Introduction to the Special Issue

David McLoughlin, Meiji University, Tokyo, Japan
Jo Mynard, Kanda University of International Studies, Chiba, Japan

McLoughlin, D., & Mynard, J. (2019). Introduction. Studies in Self-Access Learning Journal, 10(1), 1-4.

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Introduction to the Special Issue: Papers from the Third Psychology of Language Learning Conference

Welcome to the first issue of 2019 which is a special issue containing papers from the third Psychology of Language Learning Conference (PLL3) which took place at Waseda University in Tokyo from June 7-10 2018. We both had the pleasure of attending the whole conference and enjoying five excellent plenary sessions and dozens of high-quality and stimulating presentations over the four days. Summaries of more presentations were included in the 36 chapters of the Conference Collection edited Mynard and Brady (2018), but this special issue of SiSAL Journal features selected papers that were relevant to the scope of this journal. Greg Rouault (Tezukayama Gakuin University, Japan) and Colin Skeates (Keio University, Japan) provide a review of the conference which is included in the reviews section of this issue.

Research Papers 

There are five research papers in this issue from different research settings. In the first paper, Eduardo Castro from the Federal University of Pará, Soure, Brazil shares a longitudinal case study of a learner from the perspective of Motivational Dynamics in Language. The learner is participating in advising sessions where she notes her motivation at the beginning and the end. In addition, she notes motivation outside of advising sessions. The interpretative phenomenological analysis suggests that advising is an emergent property of the advising process.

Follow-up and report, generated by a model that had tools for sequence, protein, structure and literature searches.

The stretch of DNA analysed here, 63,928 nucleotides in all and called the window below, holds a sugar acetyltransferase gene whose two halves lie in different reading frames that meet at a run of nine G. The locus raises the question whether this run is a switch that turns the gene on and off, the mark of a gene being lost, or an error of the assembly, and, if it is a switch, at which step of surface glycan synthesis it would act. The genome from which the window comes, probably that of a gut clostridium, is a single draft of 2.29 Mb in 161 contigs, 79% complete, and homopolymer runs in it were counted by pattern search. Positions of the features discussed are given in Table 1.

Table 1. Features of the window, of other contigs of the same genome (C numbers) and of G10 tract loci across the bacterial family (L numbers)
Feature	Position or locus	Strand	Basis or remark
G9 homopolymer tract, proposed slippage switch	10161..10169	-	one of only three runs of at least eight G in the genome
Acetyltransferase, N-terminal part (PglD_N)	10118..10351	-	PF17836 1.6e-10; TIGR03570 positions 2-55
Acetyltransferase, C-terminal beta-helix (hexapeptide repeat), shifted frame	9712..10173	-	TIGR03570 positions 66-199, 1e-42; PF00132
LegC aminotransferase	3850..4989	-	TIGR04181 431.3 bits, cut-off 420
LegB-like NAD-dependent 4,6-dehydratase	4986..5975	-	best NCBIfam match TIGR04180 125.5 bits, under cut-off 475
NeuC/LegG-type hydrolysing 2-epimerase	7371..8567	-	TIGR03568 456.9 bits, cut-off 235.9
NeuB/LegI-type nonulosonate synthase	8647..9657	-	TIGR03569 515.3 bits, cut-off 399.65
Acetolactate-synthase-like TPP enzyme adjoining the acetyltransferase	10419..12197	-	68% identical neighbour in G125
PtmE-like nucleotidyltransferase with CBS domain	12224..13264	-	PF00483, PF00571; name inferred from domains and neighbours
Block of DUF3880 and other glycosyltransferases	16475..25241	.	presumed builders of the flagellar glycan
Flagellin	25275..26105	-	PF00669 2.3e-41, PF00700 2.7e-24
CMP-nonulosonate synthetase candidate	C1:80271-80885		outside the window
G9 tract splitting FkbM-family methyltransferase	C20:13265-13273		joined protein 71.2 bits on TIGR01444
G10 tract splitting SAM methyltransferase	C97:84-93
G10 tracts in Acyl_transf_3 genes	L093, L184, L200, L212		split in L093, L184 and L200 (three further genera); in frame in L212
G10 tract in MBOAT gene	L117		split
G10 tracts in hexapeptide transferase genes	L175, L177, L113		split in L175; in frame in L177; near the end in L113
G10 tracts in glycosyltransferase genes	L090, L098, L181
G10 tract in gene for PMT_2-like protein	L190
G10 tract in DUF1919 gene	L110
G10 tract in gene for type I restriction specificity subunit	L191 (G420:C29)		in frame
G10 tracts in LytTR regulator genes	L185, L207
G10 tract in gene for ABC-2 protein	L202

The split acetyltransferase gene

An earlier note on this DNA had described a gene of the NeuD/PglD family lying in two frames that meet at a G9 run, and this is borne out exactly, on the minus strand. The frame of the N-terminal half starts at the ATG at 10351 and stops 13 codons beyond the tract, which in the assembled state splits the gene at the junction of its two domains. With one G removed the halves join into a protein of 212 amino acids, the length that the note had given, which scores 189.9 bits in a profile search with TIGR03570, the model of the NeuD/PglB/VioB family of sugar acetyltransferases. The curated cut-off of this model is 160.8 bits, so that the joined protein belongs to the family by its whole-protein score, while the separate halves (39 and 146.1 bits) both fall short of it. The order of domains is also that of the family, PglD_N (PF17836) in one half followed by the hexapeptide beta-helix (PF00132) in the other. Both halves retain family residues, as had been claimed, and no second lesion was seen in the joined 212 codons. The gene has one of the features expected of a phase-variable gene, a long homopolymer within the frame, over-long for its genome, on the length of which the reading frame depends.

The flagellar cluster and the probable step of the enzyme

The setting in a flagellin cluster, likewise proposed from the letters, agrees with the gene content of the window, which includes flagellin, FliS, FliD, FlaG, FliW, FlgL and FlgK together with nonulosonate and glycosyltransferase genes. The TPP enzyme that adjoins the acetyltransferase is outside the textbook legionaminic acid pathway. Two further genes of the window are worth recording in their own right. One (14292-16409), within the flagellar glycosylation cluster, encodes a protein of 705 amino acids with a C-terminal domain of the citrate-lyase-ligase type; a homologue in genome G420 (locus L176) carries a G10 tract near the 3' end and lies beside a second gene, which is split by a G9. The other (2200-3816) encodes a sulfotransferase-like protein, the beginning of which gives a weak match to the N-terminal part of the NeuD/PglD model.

In the second paper, Claire M. Dunne from Marino Institute of Education in Dublin, Ireland reports on a study which explores the process of becoming a primary level teacher of Irish. The author analyses similarities and differences in views on the teachers’ role in promoting the Irish language and issues related to Irish language proficiency, at the beginning and end of a teacher education programme. The results suggest that there are shifts in the ways in which teachers conceive of their roles as teachers of Irish. In addition, it is suggested that more support for this role is provided.

The third paper, by Junqing Jia, examines the importance of vision on sustaining long-term motivation. She presents case studies of two advanced learners of Chinese and discusses how their well-constructed and robust visions of their future L2 and C2 (second culture) selves allowed them to develop resilience and sustain motivation in the face of setbacks in their language learning journey. The author suggests that through having such a self-constructed vision, together with extended socialization and a sense of progression, learners are able to create a self-sustaining motivation system.

In the fourth paper, Masao Kanaoka from Kagoshima University in Japan draws on Ushioda’s (2009) person-in-context relational view of motivation. The author describes a pedagogical intervention and research study which investigates identity, inner spirituality and L2 practice. The results indicate perceptible self-growth, including positive self-image and positive impressions of the English language.